Cancer survivor about to lose her home due to banking confusion

Jeff Ehling Image
Tuesday, April 7, 2015
Cancer survivor about to lose her home
A Houston woman is at the end of the line when it comes to trying to save her home

HOUSTON (KTRK) -- A Houston woman is at the end of the line when it comes to trying to save her home. She says, through no fault of her own, the mortgage went into foreclosure and now she has just days to find a new place to live. The trouble started 10 years ago when her mortgage was sold from one company to another. That small change led to huge problems.

Mallory Hartman is just days away from being homeless. At 67, the one-time cancer survivor says the experience is more than she can bear.

"I'm 67, I waited, I wish I had died of cancer, it would have been easier," said Hartman.

Hartman's mortgage problems started in 2005 when her mortgage company sold the note to another bank.

"(They) would not acknowledge that they had an account, they did not know anything about it, returned the checks," said Hartman.

Hartman says four years went by when a third mortgage company filed foreclosure papers.

"I went ballistic, saying, 'How can they file foreclosure when I never heard from them, they won't accept anything,'" said Hartman.

Hartman says she filed bankruptcy in an attempt to save her home, but it was eventually dismissed. Hartman says when she finally received a mortgage payment book she sent in the money each month.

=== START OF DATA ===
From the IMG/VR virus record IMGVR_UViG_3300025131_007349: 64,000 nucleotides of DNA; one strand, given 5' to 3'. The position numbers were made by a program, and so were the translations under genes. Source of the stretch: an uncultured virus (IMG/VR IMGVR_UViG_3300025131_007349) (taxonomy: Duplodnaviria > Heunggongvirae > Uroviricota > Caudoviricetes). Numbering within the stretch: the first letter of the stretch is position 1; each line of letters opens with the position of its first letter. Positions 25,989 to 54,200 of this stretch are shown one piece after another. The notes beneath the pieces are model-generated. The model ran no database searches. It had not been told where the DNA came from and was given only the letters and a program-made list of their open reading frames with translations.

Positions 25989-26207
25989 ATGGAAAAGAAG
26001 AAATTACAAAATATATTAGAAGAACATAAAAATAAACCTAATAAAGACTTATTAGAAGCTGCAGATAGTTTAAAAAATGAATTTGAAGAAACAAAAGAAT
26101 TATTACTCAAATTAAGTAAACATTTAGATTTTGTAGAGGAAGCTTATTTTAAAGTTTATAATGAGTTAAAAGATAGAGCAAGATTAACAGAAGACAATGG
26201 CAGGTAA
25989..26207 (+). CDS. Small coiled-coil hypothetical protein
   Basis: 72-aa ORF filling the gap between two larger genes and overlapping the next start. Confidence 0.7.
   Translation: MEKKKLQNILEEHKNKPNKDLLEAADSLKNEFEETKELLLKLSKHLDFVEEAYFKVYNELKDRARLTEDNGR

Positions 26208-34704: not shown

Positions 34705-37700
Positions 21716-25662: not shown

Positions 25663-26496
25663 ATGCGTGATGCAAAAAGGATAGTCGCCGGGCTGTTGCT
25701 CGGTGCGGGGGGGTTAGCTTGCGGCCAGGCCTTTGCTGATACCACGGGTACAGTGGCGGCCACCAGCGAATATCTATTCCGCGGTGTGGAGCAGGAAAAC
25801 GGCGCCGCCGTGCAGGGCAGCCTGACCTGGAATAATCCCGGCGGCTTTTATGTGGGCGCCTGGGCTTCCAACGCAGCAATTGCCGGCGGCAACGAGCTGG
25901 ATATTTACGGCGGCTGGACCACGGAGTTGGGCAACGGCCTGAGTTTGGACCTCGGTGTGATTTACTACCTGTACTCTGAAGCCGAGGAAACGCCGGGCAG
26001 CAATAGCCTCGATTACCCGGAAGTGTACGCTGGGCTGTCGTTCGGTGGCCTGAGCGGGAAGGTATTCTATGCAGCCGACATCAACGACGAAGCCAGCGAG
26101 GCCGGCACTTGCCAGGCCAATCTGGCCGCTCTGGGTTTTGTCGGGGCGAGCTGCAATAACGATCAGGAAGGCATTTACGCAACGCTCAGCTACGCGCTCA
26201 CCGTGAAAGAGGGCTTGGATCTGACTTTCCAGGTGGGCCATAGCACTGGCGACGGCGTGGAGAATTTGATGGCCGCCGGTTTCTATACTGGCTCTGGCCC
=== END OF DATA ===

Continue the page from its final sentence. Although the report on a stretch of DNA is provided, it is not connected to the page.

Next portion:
"They returned it saying, 'We can't accept your payments because we have to have a modification," said Hartman.

Hartman says the modification was denied and her credit ruined.

In November of 2014, Hartman says she was told to come up with $24,000 to get current on her mortgage. With no way to pay, Hartman's home was sold on the courthouse steps in January. Hartman has until April 14th to get out of her home.

Banking experts we spoke with say when it comes to mortgages, companies MUST inform consumers how to make payments.

"There are specific laws, the Servicing Transfer Disclosure laws that say, 'When that mortgage is transferred, you have to let them know,'" said Marc Elliot of Texas First Bank.

Elliot says if the new mortgage holder will not accept payments, contact the Federal Reserve and report it. He adds, it is critical to keep putting the mortgage payment aside in a separate account each and every month.

"Set it aside in a separate account that you are never going to spend the money out of because, that way if they do come calling or when they do come calling, you've got it," said Elliot.

One of the mortgage servicing companies that dealt with Hartman agreed to a $10 billion settlement with the government due to errors in handling mortgages and another is under federal investigation for similar reasons.

As for Hartman, it will not be enough to save her home. It's already been sold at auction.

Anyone who wishes to help Hartman can donate to a GoFundMe account set up to help her.